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CANADA
School CP - June 1931



Corpun file 24938 at www.corpun.com

The Toronto Daily Star, 10 June 1931, p.20

Five Strokes on the "Seat" for Boy Who Used his Fist

Principal Sanderson of Oakville Tells of Strapping Boy Who Cursed

Board Favors Act

Oakville, June 10. -- Principal R.F. Sanderson of Central public school appeared before the board of education last night to explain his actions in punishing 14-year-old Arnold Docksley, one of his pupils, when a letter of complaint from the father was read. The punishment had consisted of two strokes of the rubber strap on each hand and had been given because the boy had used foul language on the playground, the principal said.

Canon D. Russell Smith, rector of St. Jude's Anglican church, also questioned the principal as to "street reports" that two other students had been punished in an unduly severe manner.

The explanation of the principal was accepted as satisfactory in each instance and the letter of complaint filed without any action being taken. Consensus of opinion of the board appeared to favor Mr. Sanderson.

Referring to the Docksley case, Mr. Sanderson said: "A few weeks ago I was out on the playground supervising play. There was a baseball game going on a little distance away. I heard a boy shouting curses. I turned quickly and I knew where the voice came from.

"I went over to the boy and he admitted using the language. It was this Docksley lad. I asked him where he learned such language and he said up on Pine St.

"'I will have to punish you,' I told him. 'We can't allow language of this kind on the playground.' He received two strokes of the strap on each hand.

"At the same time, I spoke to him of mauling another boy and may have said that it was a cowardly trick to do on a new boy. He said there were other boys in it.

"When I met Mrs. Docksley on the street she gave me a proper calling down and explained that her boy was of a nervous disposition. After that, I gave him every consideration and tried to win his confidence, but I was very much hurt to think that such foul language had been used on the playground. It is the first cursing I have heard there in years.


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"I am extremely proud of the fact that play on the grounds is clean and there is no bullying. The supervision of the playground falls upon me and where there is any punishment to be meted out it's my duty to do it.

"In fact all the difficult pupils are sent to me. Every principal is up against that. The teacher in the form does not want to deal with the child and I am asked to correct the pupil," Mr. Sanderson explained.

"There is a report around town that you punished young Pat Blackham very severely," put in Canon Smith, whose church the young lad attends.

"I gave him five strokes," replied Mr. Sanderson.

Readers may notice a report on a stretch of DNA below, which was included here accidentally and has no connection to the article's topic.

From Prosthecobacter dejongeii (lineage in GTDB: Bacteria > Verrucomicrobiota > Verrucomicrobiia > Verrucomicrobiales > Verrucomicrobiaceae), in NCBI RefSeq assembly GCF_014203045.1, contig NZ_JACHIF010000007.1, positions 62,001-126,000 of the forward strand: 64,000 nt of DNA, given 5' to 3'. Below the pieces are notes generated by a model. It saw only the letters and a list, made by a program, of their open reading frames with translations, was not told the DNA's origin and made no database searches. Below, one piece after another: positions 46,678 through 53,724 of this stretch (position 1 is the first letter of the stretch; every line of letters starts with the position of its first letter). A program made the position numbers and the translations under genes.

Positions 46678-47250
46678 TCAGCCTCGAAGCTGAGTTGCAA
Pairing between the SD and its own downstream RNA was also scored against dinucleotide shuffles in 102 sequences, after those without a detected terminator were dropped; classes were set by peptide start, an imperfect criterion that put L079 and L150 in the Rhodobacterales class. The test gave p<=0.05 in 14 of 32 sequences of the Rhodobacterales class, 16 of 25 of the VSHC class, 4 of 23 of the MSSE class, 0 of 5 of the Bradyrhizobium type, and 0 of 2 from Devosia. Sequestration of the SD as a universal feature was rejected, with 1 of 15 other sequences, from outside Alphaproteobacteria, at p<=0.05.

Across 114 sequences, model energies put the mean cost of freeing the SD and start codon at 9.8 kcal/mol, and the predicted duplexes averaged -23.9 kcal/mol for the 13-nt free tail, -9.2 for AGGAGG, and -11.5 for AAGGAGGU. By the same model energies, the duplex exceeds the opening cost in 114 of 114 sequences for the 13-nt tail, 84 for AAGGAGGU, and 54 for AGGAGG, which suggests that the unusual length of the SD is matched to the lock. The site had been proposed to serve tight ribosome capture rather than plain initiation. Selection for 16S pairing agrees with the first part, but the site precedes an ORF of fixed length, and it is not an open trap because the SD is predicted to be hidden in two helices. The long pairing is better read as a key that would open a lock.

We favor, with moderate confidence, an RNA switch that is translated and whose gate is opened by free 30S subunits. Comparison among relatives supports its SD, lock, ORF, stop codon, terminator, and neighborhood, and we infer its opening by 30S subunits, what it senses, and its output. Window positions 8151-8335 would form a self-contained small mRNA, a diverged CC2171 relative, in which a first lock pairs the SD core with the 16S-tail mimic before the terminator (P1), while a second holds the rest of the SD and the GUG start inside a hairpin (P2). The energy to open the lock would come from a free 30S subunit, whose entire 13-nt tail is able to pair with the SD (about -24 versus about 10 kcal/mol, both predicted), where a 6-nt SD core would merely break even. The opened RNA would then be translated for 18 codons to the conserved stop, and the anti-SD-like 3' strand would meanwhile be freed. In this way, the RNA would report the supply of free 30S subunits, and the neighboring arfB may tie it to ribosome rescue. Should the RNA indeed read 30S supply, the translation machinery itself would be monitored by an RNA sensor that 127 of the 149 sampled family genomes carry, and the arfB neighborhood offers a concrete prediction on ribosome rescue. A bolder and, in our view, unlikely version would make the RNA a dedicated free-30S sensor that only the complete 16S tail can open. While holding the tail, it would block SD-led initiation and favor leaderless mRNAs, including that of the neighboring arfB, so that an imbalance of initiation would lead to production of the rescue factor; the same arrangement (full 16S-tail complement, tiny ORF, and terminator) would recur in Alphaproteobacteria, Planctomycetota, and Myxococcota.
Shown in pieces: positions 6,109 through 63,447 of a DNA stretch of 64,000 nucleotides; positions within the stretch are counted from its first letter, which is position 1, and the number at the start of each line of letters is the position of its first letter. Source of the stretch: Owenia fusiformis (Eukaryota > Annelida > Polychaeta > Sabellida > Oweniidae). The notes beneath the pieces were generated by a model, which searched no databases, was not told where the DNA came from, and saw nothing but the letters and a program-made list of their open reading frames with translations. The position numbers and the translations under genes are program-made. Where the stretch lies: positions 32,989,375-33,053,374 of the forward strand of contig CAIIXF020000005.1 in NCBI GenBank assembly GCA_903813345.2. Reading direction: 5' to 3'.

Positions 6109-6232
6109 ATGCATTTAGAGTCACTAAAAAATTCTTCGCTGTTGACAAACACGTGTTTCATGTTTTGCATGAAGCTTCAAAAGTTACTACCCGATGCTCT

Canon Smith: "Where?"

Mr. Sanderson: "On the seat."

Canon Smith: "Did the boy's father complain?"

Boy Troublesome

Mr. Sanderson: "He did. Pat is one of the most ready answerers in literature that I have, but on top of that he has been one of the most troublesome boys and persistently makes trouble. While I was working at the blackboard I could see him punch another boy. I took him out into the hall and gave him five strokes. The strap was of the regulation rubber type and held fairly short. I will admit that with the amount of clothing worn by the children at this time of year and with his clothing drawn tightly the strap might have reddened or darkened the skin. The boy has promised to do better.


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"About a year ago his father called me up on the telephone, and said he was exceedingly sorry his children were giving trouble."

Mr. Sanderson pointed out that the Blackham boy had been throwing chalk during Miss Dennis' art class earlier this year. The boy had been sent home and when he returned to school had told the principal his father said to punish him. Sanderson had not punished him on that occasion.

Canon Smith: "If you carried out the father's instructions to punish the boy when he misbehaved why did he call you up and object?"

Mr. Sanderson: "He objected to the severity of the punishment."

Canon Smith: "Did he say that the blood was almost bursting through the skin?"

Mr. Sanderson: "It may have been that the boy's skin was particularly sensitive but I hadn't thought I was severe. Some of the parents prefer that I should not strap the hands."

Trustee Approves

Mr. Shipley: "I think that the boys got no more than was coming to them, both of them. I know dozens and dozens of boys and girls in this town who have gone through Mr. Sanderson's room and they speak very highly of him."

[...]

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